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10 Minutes with Trey McIntyre
A year and a half after closing his company, the choreographer continues to bring dance to film, photography and the stage.
Photo from McIntyre’s upcoming book, Private Idaho. Photo by McIntyre.
The dance world gasped when Trey McIntyre announced in 2014 that he was shutting down his company, Trey McIntyre Project, after six wildly successful years as a full-time troupe. The dashing dancemaker, currently traveling around the country, always had a hand in other projects, such as film and photography, so his next chapter as an independent choreographer/filmmaker/photographer was already in motion. As McIntyre works on both books and a film, he’s also making new dances: The latest, for BalletX, is slated for a February 10–14 premiere at the Wilma Theater in Philadelphia.
What is the new work for BalletX about?
I am using music by Amy Winehouse. Usually, I don’t focus on biographical info, but I am interested in Amy’s story. I identify with portions of her process as an artist, and her death really affected me. It was so tragic. The ballet explores parts of her life that I resonate with. She had a different way of bringing herself and her art into the world; her struggle with that was her eventual undoing. She was miserable, inconsolable until it was right. The world was terrible until she figured out how to make it into art.
What’s the best part of your life now that your company has closed?
I’m able to return my focus to being an artist, and make that the principal activity of my life. It feels like I’m getting back to myself.
What’s been most difficult?
I was always so proud of how nimble TMP was, and I had an amazing staff that made that possible. Now, if something needs to be done, it has to be me doing it.
Tell us about the film you’ve been working on.
This Used to Be My House is about the life and death of a dance company, and my personal journey through that process. This is my first long-form documentary, so I am learning so much every day. As with most documentaries, you learn what it is about after you shoot it. It’s turning out to be autobiographical, with a big focus on the dances I made during the course of the company, especially the two ballets using the music of Preservation Hall Jazz Band from New Orleans, The Sweeter End and Ma Maison. Those pieces examined the unique culture around death in that community, and the film draws metaphorical parallels to the life and death of TMP.
And I understand there are book projects underway as well.
Yes, two, actually! Private Idaho includes nude photos of athletes in the gorgeous terrain of Idaho, with my essays and an intro by actor Alan Cumming. It should be out in a year or so. The second book is about how dancers relate to the place they call home. You can get an idea of my photography from my Instagram, @treymcintyrephoto.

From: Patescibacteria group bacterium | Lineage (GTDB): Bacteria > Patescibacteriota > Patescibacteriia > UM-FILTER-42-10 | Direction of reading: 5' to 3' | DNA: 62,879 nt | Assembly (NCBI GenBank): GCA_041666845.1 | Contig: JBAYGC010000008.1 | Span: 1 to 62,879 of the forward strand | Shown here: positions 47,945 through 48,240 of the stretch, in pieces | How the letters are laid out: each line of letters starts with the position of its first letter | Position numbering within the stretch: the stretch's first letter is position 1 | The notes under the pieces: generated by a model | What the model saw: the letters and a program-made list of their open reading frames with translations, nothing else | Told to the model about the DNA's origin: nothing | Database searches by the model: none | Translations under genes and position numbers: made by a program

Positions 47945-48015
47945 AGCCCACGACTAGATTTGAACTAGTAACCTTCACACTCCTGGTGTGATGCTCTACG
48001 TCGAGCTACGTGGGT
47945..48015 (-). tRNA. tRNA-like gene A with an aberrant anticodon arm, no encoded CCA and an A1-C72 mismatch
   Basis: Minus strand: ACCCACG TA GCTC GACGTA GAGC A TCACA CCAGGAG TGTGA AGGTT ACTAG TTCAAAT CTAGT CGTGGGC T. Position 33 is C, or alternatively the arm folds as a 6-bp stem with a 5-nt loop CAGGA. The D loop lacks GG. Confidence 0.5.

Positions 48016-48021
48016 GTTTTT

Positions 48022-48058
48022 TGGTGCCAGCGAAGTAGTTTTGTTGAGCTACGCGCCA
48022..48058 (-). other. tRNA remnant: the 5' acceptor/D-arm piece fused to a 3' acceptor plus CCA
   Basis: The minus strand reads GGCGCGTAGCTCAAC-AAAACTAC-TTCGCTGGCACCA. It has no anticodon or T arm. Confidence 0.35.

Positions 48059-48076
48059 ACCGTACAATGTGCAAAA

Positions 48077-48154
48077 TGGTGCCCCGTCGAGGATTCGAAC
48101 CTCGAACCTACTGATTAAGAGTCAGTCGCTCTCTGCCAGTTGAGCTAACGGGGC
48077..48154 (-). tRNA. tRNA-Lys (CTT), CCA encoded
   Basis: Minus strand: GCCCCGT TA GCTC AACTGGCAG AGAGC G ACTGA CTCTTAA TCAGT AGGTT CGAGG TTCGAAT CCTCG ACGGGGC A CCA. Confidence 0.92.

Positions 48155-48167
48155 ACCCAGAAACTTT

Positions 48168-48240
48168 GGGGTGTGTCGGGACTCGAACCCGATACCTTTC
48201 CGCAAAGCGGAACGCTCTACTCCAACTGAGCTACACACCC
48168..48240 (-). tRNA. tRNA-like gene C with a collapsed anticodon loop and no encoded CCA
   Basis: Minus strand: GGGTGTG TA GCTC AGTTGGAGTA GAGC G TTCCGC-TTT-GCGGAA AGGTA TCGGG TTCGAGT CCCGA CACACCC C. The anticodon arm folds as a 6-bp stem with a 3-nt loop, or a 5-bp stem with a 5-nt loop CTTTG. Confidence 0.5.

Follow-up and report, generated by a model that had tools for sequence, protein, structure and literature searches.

I love being transgender. It's an important part of the story of why I choreograph. Although I loved dance from a very young age, I grew up never seeing a single person like me in dance. So how could I imagine a future for myself there?
The enormous barriers I had to overcome weren't internal: I didn't struggle with feelings of dysphoria, and I wasn't locked down by shame.
The dance community is heartbroken to learn that 14-year-olds Jaime Guttenberg and Cara Loughran were among the 17 people killed during the February 14 shooting at Marjory Stoneman Douglas High School in Parkland, FL.
Guttenberg was a talented competition dancer at Dance Theatre in Coconut Creek, FL, according to a report from Sun Sentinel. Dance Theatre owner Michelle McGrath Gerlick shared the below message on her Facebook page, encouraging dancers across the country to wear orange ribbons this weekend in honor of Guttenberg, whose favorite color was orange.
In today's dance world, it seems to go without saying: The more varied the training, the better. But is that always the case? Rhonda Malkin, a New York City–based dance coach who performed with the Radio City Rockettes, thinks trendy contemporary techniques that emphasize improvisation and organic movement quality are detrimental to the precision and strength needed to be a Rockette, in a traditional Broadway show or on a professional dance team. Her view is controversial: "If you really want to work, making $40,000 in three months for the Rockettes or $25,000 in one day filming a commercial, you need ballet, Broadway jazz, tap, hip hop—not contemporary," she says.